I love coming to work every day and the joy I see in my patients’ eyes when they smile their new smile for the first time makes my journey worth it. For those interested in becoming orthodontists, I support you 100%. It’s an amazing profession and I hope that it happens for you. If there’s anything I can do to assist you in any way, please don’t hesitate to ask.

All the best,

Glenn

Teeth, Braces, Invisalign and the secrets of the universe…

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OK, so maybe not ALL of the secrets of the universe, as the title might suggest.

I was a practicing general and cosmetic dentist for 20 years before going back to school to become an orthodontist. I am currently (to the best of my knowledge) the only practitioner on Planet Earth who is both a Fellow of the Academy of General Dentistry and a Diplomate of the American Board of Orthodontics, so this gives me a unique perspective on the worlds of orthodontics and dentistry. I tend to see these two professions through a different lens than most clinicians.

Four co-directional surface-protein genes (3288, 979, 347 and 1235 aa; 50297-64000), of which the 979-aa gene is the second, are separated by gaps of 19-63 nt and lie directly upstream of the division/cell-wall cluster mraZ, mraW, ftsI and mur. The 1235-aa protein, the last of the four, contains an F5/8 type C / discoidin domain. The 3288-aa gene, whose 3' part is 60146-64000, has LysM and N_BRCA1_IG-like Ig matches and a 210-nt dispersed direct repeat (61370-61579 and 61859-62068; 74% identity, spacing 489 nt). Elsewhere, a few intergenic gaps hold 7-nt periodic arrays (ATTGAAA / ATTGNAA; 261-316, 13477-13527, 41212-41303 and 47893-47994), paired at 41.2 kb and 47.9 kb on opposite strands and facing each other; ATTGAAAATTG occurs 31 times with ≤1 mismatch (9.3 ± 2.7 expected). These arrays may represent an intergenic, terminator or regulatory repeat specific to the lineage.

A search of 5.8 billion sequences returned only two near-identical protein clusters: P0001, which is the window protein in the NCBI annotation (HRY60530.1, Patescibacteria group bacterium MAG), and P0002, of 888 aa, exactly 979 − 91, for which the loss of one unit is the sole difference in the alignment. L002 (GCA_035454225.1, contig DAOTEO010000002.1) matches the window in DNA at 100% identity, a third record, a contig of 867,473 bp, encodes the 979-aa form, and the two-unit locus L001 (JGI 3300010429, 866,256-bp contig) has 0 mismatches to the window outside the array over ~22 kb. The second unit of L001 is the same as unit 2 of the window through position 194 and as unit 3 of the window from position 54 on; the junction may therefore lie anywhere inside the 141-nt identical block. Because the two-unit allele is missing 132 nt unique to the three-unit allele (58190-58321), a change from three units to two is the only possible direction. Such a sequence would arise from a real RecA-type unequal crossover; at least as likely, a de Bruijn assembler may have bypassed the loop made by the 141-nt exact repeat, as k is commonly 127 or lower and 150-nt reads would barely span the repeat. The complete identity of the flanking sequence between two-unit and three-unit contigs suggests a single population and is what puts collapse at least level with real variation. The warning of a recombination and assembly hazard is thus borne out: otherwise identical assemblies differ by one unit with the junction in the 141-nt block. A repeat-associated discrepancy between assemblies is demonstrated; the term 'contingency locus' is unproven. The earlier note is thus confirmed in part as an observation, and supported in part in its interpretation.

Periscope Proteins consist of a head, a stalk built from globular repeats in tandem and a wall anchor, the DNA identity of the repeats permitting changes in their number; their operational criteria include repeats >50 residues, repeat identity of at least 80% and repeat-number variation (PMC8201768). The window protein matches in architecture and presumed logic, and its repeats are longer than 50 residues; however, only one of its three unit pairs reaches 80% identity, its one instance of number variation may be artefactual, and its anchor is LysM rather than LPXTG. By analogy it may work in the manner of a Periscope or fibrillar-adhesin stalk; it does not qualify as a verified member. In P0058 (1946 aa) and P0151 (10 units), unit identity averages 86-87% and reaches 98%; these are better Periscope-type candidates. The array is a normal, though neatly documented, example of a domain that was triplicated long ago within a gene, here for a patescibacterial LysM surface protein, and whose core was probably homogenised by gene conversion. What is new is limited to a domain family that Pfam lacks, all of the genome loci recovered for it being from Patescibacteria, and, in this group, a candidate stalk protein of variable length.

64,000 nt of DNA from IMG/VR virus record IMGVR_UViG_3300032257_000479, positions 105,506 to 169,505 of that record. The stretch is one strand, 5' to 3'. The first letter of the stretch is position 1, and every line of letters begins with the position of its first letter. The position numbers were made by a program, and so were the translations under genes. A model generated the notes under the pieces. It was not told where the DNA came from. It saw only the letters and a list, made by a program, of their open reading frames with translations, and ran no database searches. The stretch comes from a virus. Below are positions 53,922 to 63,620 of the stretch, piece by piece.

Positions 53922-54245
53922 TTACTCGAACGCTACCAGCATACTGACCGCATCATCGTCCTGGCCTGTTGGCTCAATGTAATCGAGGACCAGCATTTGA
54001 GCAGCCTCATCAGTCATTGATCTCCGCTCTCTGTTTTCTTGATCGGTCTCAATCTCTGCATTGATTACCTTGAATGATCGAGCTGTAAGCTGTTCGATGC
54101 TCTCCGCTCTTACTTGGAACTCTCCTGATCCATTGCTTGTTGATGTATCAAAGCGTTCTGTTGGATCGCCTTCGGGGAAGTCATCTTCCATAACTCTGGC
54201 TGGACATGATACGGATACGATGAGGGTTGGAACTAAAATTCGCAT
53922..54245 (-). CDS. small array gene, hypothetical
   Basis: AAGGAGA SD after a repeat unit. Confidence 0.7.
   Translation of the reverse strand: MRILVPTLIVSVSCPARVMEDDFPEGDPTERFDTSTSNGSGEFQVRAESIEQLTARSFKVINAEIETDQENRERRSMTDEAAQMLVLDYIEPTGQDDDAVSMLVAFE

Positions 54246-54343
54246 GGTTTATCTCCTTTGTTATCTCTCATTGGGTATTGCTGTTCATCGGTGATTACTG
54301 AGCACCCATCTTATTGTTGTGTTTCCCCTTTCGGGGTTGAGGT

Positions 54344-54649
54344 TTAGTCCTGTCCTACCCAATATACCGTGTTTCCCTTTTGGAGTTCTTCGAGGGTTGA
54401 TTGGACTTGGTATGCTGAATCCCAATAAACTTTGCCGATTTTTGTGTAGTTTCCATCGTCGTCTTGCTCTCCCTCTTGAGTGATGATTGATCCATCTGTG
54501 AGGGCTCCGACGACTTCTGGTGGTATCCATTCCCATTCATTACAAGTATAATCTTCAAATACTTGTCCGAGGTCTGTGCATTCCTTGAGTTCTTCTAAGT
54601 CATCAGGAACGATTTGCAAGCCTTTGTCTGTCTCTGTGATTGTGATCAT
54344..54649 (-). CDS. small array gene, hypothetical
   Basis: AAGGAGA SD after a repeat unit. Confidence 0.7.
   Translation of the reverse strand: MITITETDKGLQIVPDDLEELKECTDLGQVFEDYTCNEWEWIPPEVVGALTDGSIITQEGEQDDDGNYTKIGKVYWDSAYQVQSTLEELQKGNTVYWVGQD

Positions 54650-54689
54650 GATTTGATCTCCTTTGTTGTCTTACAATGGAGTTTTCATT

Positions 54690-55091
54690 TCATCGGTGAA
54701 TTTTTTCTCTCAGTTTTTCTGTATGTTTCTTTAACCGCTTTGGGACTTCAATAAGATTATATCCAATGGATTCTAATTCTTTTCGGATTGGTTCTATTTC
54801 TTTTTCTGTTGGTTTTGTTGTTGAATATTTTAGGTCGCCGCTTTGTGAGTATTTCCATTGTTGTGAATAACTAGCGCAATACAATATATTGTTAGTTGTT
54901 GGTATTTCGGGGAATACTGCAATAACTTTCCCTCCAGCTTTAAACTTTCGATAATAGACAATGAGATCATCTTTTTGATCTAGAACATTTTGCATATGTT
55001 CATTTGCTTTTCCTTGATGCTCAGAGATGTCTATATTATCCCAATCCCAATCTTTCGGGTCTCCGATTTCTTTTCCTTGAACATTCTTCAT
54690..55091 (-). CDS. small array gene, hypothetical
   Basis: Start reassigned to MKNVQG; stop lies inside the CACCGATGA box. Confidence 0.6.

I know how busy everyone is nowadays, so my hope is that I can help you get the most relevant information to assist you and your family in making informed choices about your oral health.

I’ll try to keep this light, informative and lots of fun, and of course, I’d love to hear from all of you to find out what are some of the “hot button” topics in dentistry and orthodontics that intrigue you and need more clarification.

Wishing you all the best,

Glenn